April 8, 2011 in Features

Inspiring story lost in move to big screen

Christy Lemire Associated Press

Dennis Quaid, AnnaSophia Robb and Helen Hunt in “Soul Surfer.”
(Full-size photo)

Watching “Soul Surfer,” the story of Bethany Hamilton’s comeback after a shark attack, makes you long for a vivid documentary on the subject instead – preferably one of those excellent “30 for 30” offerings from ESPN.

Hamilton’s tale is inspiring. In 2003, when she was just 13 years old, she lost her left arm to a 14-foot tiger shark while surfing near her Hawaiian home.

An up-and-comer in the sport, she wanted to get back on her board as soon as possible. A month later, she was in the water again. Now, at 21, she continues to compete professionally.

“Soul Surfer” takes that story of complex emotions, determination and faith and turns it into overly simplistic mush.

Director and co-writer Sean McNamara’s film is an uncomfortable combination of pat, feel-good platitudes, two-dimensional characters, cheesy special effects and generically idyllic scenery.

AnnaSophia Robb, who stars as Hamilton, cuts through some of the gooey tedium with a naturally athletic presence and no-nonsense attitude (and the star of “Bridge to Terabithia” and “Race to Witch Mountain” does much of her own surfing).

But “Soul Surfer” consistently tries to make her transformation as easily digestible as possible. This is especially true when it comes to Hamilton’s faith.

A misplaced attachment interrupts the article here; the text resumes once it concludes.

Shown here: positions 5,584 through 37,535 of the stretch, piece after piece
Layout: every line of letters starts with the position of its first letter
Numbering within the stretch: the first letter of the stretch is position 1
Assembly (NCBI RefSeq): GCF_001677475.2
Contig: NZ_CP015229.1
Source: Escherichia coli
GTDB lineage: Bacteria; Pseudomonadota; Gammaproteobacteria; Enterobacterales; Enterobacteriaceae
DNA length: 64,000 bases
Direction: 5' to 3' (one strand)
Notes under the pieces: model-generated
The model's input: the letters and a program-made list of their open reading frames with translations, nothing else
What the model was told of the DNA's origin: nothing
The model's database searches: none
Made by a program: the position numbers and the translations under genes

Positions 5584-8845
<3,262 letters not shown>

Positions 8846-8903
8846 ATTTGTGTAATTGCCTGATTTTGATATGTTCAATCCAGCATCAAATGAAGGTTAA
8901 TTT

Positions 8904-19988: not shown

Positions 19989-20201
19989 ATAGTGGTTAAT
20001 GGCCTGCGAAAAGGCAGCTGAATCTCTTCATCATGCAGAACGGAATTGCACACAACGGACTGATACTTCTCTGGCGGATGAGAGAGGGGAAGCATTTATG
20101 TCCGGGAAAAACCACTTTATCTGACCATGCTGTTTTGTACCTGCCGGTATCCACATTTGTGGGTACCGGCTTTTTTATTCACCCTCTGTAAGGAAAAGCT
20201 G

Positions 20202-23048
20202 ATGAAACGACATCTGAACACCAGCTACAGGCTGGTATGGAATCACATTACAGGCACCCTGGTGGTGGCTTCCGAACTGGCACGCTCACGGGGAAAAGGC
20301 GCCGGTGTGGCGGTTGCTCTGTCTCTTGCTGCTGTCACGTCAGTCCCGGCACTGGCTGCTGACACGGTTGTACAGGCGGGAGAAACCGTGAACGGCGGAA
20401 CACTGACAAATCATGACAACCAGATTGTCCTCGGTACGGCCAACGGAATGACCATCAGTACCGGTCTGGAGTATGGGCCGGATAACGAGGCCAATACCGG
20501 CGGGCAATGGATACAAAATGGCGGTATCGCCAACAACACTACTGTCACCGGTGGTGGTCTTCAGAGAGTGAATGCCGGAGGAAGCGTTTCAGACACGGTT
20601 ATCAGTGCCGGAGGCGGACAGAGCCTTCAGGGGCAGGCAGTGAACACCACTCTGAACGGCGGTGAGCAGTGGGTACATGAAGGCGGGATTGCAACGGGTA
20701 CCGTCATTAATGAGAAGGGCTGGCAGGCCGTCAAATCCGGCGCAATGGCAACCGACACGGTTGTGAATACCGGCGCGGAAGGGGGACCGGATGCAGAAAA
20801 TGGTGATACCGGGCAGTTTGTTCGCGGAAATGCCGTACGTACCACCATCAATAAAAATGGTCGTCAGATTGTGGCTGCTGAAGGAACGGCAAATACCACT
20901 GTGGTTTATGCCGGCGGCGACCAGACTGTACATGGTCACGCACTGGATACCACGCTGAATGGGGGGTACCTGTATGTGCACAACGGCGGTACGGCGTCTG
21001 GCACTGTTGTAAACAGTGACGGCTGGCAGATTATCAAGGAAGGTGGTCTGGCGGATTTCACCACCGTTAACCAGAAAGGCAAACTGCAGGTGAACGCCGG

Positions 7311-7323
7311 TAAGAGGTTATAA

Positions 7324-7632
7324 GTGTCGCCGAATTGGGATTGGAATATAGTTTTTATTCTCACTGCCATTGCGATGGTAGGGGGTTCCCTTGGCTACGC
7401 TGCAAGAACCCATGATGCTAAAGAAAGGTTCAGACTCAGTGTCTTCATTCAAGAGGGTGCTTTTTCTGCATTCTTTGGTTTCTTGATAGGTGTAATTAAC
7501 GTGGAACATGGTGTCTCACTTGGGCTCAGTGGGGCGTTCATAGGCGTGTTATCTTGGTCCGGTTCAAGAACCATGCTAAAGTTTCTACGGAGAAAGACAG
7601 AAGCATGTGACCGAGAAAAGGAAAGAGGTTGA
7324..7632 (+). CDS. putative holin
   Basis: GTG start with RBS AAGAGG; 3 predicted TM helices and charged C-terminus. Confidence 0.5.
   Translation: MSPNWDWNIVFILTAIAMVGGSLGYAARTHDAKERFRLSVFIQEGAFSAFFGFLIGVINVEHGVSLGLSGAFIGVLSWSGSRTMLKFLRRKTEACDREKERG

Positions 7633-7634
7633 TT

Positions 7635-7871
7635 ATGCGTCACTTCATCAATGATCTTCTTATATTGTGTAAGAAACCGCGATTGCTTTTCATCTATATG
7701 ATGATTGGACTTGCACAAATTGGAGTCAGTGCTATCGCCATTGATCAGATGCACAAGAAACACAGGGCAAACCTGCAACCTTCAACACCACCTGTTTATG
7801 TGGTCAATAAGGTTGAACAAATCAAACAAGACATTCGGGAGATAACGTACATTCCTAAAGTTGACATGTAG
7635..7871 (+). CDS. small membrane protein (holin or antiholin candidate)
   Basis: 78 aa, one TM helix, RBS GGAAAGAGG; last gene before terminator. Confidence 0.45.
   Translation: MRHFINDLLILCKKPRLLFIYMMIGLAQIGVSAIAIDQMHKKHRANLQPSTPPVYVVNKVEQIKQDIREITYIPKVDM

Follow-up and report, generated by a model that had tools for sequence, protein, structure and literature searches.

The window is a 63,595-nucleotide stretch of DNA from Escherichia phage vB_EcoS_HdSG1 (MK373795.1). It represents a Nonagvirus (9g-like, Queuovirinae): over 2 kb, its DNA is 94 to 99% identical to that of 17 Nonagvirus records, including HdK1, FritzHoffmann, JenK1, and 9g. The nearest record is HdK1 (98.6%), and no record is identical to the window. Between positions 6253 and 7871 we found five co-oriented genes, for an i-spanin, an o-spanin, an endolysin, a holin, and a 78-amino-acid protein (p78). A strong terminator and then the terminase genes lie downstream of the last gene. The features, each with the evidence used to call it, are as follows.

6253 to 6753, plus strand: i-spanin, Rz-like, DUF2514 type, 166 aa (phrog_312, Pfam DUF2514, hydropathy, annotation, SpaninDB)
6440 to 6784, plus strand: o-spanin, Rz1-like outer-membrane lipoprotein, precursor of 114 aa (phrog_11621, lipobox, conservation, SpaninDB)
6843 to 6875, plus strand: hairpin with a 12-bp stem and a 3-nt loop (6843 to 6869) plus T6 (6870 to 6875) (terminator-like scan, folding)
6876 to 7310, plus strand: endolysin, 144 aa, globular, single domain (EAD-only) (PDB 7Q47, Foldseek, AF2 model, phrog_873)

In real life, she and her family are devout Christians who relied heavily on their belief in God to provide strength during this traumatic time.

“Soul Surfer” dips its toe in religion just enough to please the faith-based audience it targets, but not so much as to potentially alienate everyone else. It’s a cynical and calculated approach that’s actually rather offensive.

The attack itself is vaguely thrilling, with Hamilton’s idealized parents (Dennis Quaid and Helen Hunt, miscast as a lifelong, laid-back surfer chick) rushing to her side. But afterward, the digital effects depicting the severed limb are distractingly inconsistent.

From there, everything is a foregone conclusion: Hamilton will return to surfing, she’ll compete again, she’ll run into her (fictionalized) nemesis and, regardless of the outcome, she’ll feel like a winner.

A life-altering event shouldn’t seem so easy.

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